Various theories about the women’s disappearance have been proposed. Witnesses claimed to see the women talking to an unidentified man in his early twenties with dark, wavy hair and wearing a beach jacket, who was operating a boat. What the women discussed with the man remains unknown. All three women enjoyed horses and had connections to men with criminal histories involving the horse market. One of the women is reported to have lost a great deal of money gambling on horses, which might have been behind the disappearance.

Additionally, each of the three women was ultimately facing personal issues that could have led to their disappearance or faking their deaths. Some reports stated that Blough was having difficulty with “horse syndicate people” before she disappeared. In 2023, Blough’s sister also said that Blough was dating a married man and might have been pregnant at the time of her disappearance.[5]

5 Johnice “China” White

Park ranger notes reveal that on August 7, 1995, a girl went missing from her home close to Indiana Dunes National Park. The following day, the girl’s deceased body was found in an isolated section of the park in Gary, Indiana. Incident notes state that the park was prepared to work in coordination with Gary police on investigating the offense. No further notes are made of the disappearance or death within Indiana Dunes National Park ranger notes.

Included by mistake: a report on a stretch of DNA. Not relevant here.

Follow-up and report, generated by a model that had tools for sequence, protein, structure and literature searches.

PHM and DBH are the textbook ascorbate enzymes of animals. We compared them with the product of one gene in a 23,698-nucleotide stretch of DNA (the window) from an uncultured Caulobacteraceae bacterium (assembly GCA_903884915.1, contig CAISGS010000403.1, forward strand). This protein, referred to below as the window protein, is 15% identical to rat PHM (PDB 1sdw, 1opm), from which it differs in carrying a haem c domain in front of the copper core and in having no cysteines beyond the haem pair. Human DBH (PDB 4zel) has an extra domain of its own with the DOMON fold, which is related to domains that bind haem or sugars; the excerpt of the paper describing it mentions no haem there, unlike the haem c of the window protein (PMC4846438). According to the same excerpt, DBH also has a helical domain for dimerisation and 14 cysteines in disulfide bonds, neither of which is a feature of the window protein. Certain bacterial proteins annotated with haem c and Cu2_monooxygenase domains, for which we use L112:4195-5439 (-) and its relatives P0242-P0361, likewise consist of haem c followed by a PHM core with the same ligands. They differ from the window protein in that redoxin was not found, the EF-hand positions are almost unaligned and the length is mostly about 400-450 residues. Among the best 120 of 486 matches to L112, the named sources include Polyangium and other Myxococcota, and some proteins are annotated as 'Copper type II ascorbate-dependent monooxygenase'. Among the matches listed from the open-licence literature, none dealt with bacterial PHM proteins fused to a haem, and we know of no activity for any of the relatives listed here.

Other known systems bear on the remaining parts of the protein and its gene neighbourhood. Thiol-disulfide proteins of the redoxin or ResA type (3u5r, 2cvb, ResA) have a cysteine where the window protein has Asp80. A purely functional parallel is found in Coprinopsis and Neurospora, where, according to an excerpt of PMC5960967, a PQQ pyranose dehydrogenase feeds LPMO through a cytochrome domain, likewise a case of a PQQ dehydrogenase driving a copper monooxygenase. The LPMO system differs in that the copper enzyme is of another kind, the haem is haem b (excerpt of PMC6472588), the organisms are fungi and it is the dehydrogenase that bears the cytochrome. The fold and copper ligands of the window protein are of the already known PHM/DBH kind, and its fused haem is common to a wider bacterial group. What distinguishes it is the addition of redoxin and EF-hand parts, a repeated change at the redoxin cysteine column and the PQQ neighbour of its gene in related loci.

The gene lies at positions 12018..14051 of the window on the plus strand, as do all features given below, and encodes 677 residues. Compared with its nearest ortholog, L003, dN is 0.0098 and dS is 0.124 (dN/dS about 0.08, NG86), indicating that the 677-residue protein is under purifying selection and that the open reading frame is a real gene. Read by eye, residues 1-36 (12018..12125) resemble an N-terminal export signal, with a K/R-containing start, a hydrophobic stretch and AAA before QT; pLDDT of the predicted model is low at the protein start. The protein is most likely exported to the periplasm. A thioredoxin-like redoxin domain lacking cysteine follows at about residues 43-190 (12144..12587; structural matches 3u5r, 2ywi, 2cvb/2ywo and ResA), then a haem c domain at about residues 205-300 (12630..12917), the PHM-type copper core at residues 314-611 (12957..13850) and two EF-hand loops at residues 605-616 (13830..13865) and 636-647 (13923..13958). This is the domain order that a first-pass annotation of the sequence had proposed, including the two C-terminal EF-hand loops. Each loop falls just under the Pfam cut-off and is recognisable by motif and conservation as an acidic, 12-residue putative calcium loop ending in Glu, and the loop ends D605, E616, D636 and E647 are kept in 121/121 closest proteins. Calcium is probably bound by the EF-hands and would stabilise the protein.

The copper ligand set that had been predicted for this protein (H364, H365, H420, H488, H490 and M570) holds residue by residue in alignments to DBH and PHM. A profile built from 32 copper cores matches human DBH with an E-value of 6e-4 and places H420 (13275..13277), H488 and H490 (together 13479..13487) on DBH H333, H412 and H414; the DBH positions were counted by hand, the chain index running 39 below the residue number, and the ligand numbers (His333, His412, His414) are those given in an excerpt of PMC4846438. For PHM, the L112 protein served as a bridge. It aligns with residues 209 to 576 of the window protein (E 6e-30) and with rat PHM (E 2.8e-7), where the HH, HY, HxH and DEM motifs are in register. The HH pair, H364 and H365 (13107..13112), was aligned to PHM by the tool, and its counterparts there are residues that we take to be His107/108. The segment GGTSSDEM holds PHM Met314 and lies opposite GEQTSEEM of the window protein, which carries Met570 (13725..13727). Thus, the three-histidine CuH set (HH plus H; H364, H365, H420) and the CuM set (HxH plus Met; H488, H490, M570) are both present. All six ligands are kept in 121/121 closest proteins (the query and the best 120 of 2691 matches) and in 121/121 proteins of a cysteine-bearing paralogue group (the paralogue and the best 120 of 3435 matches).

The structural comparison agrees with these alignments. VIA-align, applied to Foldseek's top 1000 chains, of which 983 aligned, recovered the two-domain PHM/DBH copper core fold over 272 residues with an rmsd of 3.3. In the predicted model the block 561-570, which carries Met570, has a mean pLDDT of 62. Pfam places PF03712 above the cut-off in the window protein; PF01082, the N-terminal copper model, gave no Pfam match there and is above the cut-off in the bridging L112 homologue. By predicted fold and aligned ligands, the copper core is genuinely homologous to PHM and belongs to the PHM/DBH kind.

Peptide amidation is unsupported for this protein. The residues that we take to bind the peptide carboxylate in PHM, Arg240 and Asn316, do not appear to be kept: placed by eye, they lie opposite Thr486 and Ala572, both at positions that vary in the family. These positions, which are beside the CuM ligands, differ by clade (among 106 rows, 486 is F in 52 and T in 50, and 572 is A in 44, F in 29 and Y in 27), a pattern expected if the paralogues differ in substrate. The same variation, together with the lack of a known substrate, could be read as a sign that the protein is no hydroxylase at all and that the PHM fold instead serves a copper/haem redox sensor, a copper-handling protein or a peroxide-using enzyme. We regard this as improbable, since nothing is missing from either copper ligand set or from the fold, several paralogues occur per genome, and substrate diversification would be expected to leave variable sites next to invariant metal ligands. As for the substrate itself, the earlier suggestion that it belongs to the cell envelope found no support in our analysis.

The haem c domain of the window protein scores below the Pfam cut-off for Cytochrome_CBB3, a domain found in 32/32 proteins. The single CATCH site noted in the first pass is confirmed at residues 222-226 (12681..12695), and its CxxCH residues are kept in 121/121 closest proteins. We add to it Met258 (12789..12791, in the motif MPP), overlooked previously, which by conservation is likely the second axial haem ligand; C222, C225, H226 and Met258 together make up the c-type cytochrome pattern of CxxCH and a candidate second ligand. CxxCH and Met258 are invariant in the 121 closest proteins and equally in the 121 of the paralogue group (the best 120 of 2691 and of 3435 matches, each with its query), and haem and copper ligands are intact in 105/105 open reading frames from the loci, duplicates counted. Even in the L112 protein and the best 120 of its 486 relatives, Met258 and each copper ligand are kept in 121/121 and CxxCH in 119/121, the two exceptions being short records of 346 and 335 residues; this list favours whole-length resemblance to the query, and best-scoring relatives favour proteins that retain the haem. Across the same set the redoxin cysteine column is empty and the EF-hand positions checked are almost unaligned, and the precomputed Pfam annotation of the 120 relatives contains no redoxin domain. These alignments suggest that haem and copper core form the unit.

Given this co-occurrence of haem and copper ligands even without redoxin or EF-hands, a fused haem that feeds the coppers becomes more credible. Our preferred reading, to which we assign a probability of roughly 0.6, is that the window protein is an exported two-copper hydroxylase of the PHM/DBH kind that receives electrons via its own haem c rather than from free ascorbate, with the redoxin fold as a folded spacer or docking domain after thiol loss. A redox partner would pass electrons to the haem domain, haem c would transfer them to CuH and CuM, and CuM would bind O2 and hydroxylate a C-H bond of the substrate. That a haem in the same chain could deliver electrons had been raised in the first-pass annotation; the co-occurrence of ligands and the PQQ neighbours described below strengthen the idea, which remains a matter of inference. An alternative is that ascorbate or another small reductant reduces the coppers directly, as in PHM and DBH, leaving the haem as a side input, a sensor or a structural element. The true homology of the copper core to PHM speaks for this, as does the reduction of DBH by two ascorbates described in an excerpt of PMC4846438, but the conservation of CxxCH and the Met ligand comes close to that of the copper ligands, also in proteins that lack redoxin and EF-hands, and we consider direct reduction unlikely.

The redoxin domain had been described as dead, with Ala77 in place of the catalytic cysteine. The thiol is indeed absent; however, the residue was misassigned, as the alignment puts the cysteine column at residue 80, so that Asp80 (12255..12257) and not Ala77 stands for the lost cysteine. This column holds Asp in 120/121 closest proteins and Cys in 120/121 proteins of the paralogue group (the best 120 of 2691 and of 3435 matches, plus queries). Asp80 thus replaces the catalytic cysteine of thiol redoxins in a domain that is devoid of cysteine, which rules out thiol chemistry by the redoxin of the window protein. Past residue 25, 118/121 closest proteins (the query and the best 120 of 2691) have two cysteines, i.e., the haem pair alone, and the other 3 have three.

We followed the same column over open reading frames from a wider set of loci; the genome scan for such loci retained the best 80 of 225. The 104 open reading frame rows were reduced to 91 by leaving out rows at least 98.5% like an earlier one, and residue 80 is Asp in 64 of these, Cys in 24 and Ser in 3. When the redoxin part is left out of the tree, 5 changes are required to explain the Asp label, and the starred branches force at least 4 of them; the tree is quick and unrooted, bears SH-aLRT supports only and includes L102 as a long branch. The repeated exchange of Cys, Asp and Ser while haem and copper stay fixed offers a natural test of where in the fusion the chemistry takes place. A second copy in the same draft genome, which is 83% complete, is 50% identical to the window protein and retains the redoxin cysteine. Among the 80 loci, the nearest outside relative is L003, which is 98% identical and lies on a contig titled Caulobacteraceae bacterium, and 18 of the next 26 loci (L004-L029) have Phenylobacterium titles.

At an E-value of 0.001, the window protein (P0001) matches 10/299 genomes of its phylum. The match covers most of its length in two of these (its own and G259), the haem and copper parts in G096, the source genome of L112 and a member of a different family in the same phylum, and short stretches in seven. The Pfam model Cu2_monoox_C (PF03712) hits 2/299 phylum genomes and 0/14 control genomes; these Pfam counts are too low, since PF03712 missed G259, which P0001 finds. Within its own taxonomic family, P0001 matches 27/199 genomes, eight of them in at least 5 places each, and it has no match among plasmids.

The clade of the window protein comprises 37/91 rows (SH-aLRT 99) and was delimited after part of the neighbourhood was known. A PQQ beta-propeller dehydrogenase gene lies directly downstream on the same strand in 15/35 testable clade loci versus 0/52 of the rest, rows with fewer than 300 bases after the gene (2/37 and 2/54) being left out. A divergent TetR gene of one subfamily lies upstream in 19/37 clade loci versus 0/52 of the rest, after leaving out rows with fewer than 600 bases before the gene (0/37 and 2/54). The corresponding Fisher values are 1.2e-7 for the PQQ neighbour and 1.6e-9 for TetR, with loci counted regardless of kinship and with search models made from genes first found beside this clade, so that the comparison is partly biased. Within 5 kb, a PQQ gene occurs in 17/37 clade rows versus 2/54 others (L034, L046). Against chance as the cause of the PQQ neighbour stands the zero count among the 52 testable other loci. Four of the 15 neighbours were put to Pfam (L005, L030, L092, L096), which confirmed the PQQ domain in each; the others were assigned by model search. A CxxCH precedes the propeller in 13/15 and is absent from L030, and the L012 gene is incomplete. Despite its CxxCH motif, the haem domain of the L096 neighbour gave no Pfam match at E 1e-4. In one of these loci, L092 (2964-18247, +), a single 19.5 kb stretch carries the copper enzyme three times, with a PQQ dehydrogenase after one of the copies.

In 2015, Barry Taylor of Gary, Indiana, was first questioned about the death of a 15-year-old girl, Johnice “China” White, whose body was discovered in the park on August 8, 1995. Due to the date and age, this J.W. appears to be the girl referenced in park ranger notes. White, who attended Wirt High School, disappeared a few hours before her 15th birthday. The Gary community searched for her for over a day before finding her body at the bottom of a hill in the park with her bike close by.[6]

4 Roxanne Shah

Roxanne Shah, an Indianapolis resident who enjoyed camping and hiking, went missing in February 2011, leading to search efforts. Her minivan was later discovered in the parking lot of Mt. Baldy, an Indiana Dunes National Park landmark. Shah, however, had brought no camping equipment with her, though. Additionally, temperatures in the area that month were below zero overnight.

Shah’s husband initially expressed hope that she had traveled to Chicago because it was not uncommon for her to spontaneously leave home several times a year.
On October 11, 2011, however, the body of an unidentified person, referred only to as R.S. in park ranger incident notes, was found on one of the park’s beaches. These notes appear to reference Shah’s disappearance, and her obituary uses the date her body was discovered as her date of death. A medical examiner determined that Shah’s cause of death was drowning without any signs of foul play.[7]

3 Martha Nehring Pilnok

Martha Nehring Pilnok disappeared approximately twenty minutes from Indiana Dunes National Park on January 15, 1944, in Valparaiso, Indiana. At the time she disappeared, Pilnok resided on a farm with her husband and father. A Caucasian female, 5’2″ tall, between 130 and 150 pounds, Pilnok is believed to also have sometimes used the name Martha Lena Pilnok.